Prepublication copy, uncorrected proofs       at the Healthforce Center at UCSF and the director of the UCSF Health Workforce Research Center for Long-Term Care. Her fields of specialty are economics of the health care workforce, shortages and supply of registered nurses, organization and quality of the hospital industry, effects of health information technology, effects of medical marijuana policy on youth substance use, and the workforce involved in treatment of substance use disorders. She studied at the Massachusetts Institute of Technology and has a Ph.D. in economics from Stanford University. Mo Wang is the Lanzillotti-McKethan eminent scholar chair in the Warrington College of Business, the chair of the Management Department, and director of the Human Resource Research Center, all at the University of Florida. He specializes in research on retirement and older worker employment, occupational health psychology, and advanced quantitative methodologies. The Human Resources Research Center contributes to both the science and the profession of human resource management by supporting educational programs and research that focus on factors that affect human performance in work settings. He was the editor of the Oxford Handbook of Retirement and currently serves as the editor-in-chief for Work, Aging and Retirement. Previously, he served as president of the Society for Occupational Health Psychology and director for the Science of Organizations Program at the National Science Foundation. He has a Ph.D. in industrial- organizational psychology and developmental psychology from Bowling Green State University. B ‐5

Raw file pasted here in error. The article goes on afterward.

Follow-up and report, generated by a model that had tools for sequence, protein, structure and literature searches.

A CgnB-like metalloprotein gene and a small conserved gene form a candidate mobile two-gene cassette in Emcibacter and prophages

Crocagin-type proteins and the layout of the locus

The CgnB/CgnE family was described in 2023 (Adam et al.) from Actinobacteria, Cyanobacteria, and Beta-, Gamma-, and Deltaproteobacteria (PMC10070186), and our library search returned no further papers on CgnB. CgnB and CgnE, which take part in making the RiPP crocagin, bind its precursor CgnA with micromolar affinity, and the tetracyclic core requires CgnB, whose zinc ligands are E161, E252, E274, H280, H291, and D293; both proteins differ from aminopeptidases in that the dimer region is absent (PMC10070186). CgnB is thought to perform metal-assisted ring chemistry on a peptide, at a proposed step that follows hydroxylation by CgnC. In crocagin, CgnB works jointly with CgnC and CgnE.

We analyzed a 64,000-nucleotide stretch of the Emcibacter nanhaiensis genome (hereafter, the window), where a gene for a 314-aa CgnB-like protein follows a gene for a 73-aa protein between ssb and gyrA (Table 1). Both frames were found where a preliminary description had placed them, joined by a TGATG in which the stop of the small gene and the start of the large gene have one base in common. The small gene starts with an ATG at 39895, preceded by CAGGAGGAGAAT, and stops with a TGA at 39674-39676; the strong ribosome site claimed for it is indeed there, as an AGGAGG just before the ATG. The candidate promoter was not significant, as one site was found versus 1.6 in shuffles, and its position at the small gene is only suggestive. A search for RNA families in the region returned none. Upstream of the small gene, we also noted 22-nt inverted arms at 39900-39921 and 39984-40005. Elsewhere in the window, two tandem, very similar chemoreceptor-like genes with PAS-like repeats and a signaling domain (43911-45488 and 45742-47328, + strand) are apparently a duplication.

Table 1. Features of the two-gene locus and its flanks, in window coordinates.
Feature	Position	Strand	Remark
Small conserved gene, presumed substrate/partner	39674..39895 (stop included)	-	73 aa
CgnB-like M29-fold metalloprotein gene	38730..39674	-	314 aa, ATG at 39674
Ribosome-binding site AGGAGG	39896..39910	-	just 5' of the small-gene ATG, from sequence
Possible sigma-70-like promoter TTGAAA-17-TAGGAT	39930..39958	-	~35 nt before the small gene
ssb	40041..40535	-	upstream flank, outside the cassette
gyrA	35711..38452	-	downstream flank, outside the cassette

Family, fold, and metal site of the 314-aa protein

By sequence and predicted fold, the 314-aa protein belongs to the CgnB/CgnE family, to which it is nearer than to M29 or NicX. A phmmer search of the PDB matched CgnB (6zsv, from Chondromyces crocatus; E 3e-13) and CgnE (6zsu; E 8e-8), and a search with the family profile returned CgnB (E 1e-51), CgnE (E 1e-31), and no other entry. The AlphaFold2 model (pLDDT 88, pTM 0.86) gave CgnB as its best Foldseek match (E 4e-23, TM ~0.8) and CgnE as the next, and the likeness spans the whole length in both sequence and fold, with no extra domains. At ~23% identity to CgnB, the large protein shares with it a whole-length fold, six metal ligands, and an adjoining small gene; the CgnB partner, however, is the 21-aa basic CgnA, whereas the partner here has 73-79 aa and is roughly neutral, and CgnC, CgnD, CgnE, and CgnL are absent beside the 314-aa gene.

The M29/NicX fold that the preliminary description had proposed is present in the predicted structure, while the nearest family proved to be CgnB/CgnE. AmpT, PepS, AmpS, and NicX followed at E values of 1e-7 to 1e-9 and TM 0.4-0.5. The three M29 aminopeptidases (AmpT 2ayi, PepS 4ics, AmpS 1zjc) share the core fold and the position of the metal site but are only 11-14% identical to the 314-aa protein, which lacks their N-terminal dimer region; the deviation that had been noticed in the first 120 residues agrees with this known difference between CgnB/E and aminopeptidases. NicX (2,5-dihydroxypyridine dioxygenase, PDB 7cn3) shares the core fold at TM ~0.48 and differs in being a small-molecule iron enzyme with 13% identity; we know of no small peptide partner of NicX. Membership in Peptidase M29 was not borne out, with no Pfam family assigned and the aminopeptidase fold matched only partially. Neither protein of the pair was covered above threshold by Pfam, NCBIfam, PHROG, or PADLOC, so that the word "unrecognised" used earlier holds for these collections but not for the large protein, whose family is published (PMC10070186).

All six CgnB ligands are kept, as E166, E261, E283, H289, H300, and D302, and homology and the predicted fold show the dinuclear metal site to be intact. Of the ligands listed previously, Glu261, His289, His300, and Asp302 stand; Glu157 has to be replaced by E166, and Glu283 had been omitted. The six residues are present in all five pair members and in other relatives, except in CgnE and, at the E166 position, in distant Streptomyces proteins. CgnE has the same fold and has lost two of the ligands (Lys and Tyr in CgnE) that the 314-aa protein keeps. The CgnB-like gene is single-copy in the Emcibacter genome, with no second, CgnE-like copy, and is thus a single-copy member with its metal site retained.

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Headlines frequently appear that purport to highlight the differences among workers of different generations and explain how employers can manage the wants and needs of each generation. But is each new generation really that different from previous ones? Are there fundamental differences among generations that impact how they act and interact in the workplace? Or are the perceived differences among generations simply an indicator of age-related differences between older and younger workers or a reflection of all people adapting to a changing workplace?

Are Generational Categories Meaningful Distinctions for Workforce Management? reviews the state and rigor of the empirical work related to generations and assesses whether generational categories are meaningful in tackling workforce management problems. This report makes recommendations for directions for future research and improvements to employment practices.